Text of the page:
Trevi Fountain, Sacred Symbol of Rome

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Trevi Fountain, the largest of Rome’s wonderful fountains, is one of the indispensable stops of city visits. Trevi Fountain, which has become one of the symbols of Rome, has a good history as well as a wonderful appearance. Every day, thousands of visitors make wishes by throwing coins into the pool of this fountain. During crowded summer days, 3,000 Euros were collected daily from coins thrown into the fountain. Other fountains in Rome are the Triton Fountain at Pizza Barberini, the Barcaccia Fountain in front of the Spanish Steps, and the Four Rivers Fountain in Piazza Navona.

History of the Trevi Fountain

Image Source: NikonZ7II, CC BY-SA 4.0 https://creativecommons.org/licenses/by-sa/4.0, via Wikimedia Commons

The Trevi Fountain was built after other fountains in the city. The only still functioning aqueduct in Rome was built during the reign of Emperor Augustus, along with the Roman Aqueduct and the Aqueduct of the Virgin. It is believed that the brave general Marcus Agrippa and the very thirsty soldiers miraculously encounter a young maiden who gushes from the ground with a spring of pure water. After this extraordinary event, Agrippa decided to build an aqueduct extending from the water spring to Rome. The Trevi Fountain had its present appearance in the 18th century. The fountain was built by Nicola Salvi, based on Bernini’s sketches. However, after Salvi died before the fountain was completed, his successor Giuseppe Pannini opened the fountain in 1761.

Trevi Fountain at night | Image Source: RoyFokker, Public domain, via Wikimedia Commons

Representing the sea god Neptune, this fountain was built in the Baroque style. The fountain leaning against the facade of Palazzo Poli was built here at the request and order of Pope Urban VIII. In the middle of the fountain, Oceanus is depicted in a chariot drawn by winged horses led by the Tritons. One horse is calm while the other is excited, representing the two sides of the sea, sometimes stormy and sometimes calm. Next to the god Oceanus are Salubrità, the statue of Humility, and Abundant, the statue of Abundance. There are two panels on the statues that refer to the ancient legend. In these panels, which tell the story of the construction of the Virgin Aqueduct, the Virgin shows the source of pure water, while Agrippa stands with the soldiers on the other side.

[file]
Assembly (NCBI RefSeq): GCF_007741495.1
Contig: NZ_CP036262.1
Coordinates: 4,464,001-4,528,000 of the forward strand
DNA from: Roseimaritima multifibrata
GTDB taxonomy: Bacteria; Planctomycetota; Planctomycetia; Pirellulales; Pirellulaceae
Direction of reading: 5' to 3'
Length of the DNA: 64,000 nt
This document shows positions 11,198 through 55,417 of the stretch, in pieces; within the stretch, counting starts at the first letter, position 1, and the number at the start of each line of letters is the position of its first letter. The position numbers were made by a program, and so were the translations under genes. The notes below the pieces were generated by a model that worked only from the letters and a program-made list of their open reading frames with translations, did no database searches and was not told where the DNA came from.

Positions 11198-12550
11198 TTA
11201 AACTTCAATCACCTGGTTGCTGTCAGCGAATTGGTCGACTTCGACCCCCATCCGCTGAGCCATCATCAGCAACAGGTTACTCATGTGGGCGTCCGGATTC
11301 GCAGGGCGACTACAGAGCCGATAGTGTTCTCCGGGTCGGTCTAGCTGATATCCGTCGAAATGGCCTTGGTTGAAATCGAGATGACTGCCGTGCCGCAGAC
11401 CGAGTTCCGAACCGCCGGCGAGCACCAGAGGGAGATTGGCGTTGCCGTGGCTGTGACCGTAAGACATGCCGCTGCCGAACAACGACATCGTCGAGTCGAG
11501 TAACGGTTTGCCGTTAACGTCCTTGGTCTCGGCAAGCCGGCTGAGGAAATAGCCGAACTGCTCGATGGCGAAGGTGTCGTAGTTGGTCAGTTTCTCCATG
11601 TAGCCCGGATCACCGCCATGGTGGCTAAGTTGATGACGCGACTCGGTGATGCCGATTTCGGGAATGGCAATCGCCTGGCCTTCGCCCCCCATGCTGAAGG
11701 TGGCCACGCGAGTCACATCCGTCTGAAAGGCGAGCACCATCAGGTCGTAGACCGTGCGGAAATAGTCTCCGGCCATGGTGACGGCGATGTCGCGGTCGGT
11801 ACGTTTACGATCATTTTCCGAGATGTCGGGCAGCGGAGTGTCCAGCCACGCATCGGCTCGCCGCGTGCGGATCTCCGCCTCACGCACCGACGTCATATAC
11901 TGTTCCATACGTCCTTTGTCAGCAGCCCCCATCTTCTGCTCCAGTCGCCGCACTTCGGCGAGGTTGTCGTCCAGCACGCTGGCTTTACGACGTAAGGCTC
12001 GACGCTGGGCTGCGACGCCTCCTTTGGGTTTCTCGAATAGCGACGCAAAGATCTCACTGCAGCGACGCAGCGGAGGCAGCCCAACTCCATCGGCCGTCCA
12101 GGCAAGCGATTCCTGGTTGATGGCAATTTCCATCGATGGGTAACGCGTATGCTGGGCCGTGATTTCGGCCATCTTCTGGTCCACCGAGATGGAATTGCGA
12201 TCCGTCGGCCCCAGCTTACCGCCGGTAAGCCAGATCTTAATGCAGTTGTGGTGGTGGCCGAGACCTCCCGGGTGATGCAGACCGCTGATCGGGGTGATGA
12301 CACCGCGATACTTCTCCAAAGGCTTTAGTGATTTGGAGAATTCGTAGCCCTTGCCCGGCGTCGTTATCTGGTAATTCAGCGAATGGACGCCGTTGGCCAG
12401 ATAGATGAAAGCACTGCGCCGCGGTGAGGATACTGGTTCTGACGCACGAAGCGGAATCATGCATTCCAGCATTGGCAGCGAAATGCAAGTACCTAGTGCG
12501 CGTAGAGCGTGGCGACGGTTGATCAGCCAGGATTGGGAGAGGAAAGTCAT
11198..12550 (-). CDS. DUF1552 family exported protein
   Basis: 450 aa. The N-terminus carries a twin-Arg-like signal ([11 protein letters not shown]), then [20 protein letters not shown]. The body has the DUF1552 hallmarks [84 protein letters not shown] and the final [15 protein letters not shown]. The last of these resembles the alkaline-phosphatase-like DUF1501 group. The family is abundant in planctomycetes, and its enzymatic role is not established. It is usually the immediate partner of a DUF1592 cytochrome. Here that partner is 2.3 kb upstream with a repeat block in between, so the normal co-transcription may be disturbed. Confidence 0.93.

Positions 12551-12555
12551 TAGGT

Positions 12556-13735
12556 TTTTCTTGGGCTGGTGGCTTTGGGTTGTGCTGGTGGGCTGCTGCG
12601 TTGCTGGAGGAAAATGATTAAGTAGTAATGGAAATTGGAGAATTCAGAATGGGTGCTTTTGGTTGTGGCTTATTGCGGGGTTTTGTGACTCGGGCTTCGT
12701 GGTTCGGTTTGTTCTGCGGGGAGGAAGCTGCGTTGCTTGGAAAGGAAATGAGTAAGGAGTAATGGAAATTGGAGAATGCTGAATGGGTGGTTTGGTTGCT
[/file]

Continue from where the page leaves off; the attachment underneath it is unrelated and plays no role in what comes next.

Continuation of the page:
There are four more allegorical and smaller statues on the upper façade of the fountain: The Amenity of The Gardens, The Fertility of The Fields, The Abundance of Fruits, The Wealth of Autumn. Among these statues is the imposing coat of arms, a great commemorative inscription of the Pope. There are so many details in the fountain that in addition to countless animals such as lizards and snails, the fountain is decorated with vines, walking sticks, bunches of grapes, leafy plants, figs and many other details.

The Trevi Fountain has a height of 26 meters and a width of 20 meters. The fountain uses close to 3 million cubic feet of water every day. While this water used to be wasted, it has been recycled for a while for reuse. The water of the fountain is crystal clear and clean. In 2007, someone secretly poured a substance into the water that would turn it red. The water was quickly drained and cleaned, and the spilled substance did not damage the fountain. Coins thrown into the fountain do not harm the fountain. According to the belief, if you turn your back to the fountain and throw a coin into the fountain with your right hand over your left shoulder, you will definitely return to Rome one day.

The Fountain’s Name Story

Image Source: Bengt Nyman, CC BY 2.0 https://creativecommons.org/licenses/by/2.0, via Wikimedia Commons

The fountain is at a point where three roads intersect in terms of its location. That’s why it’s called Fontana de Trevi, the Fountain of the Three Streets. The word Trivium, which means three streets in Latin, forms the name of the fountain. Tre Vie is also a word meaning three ways.

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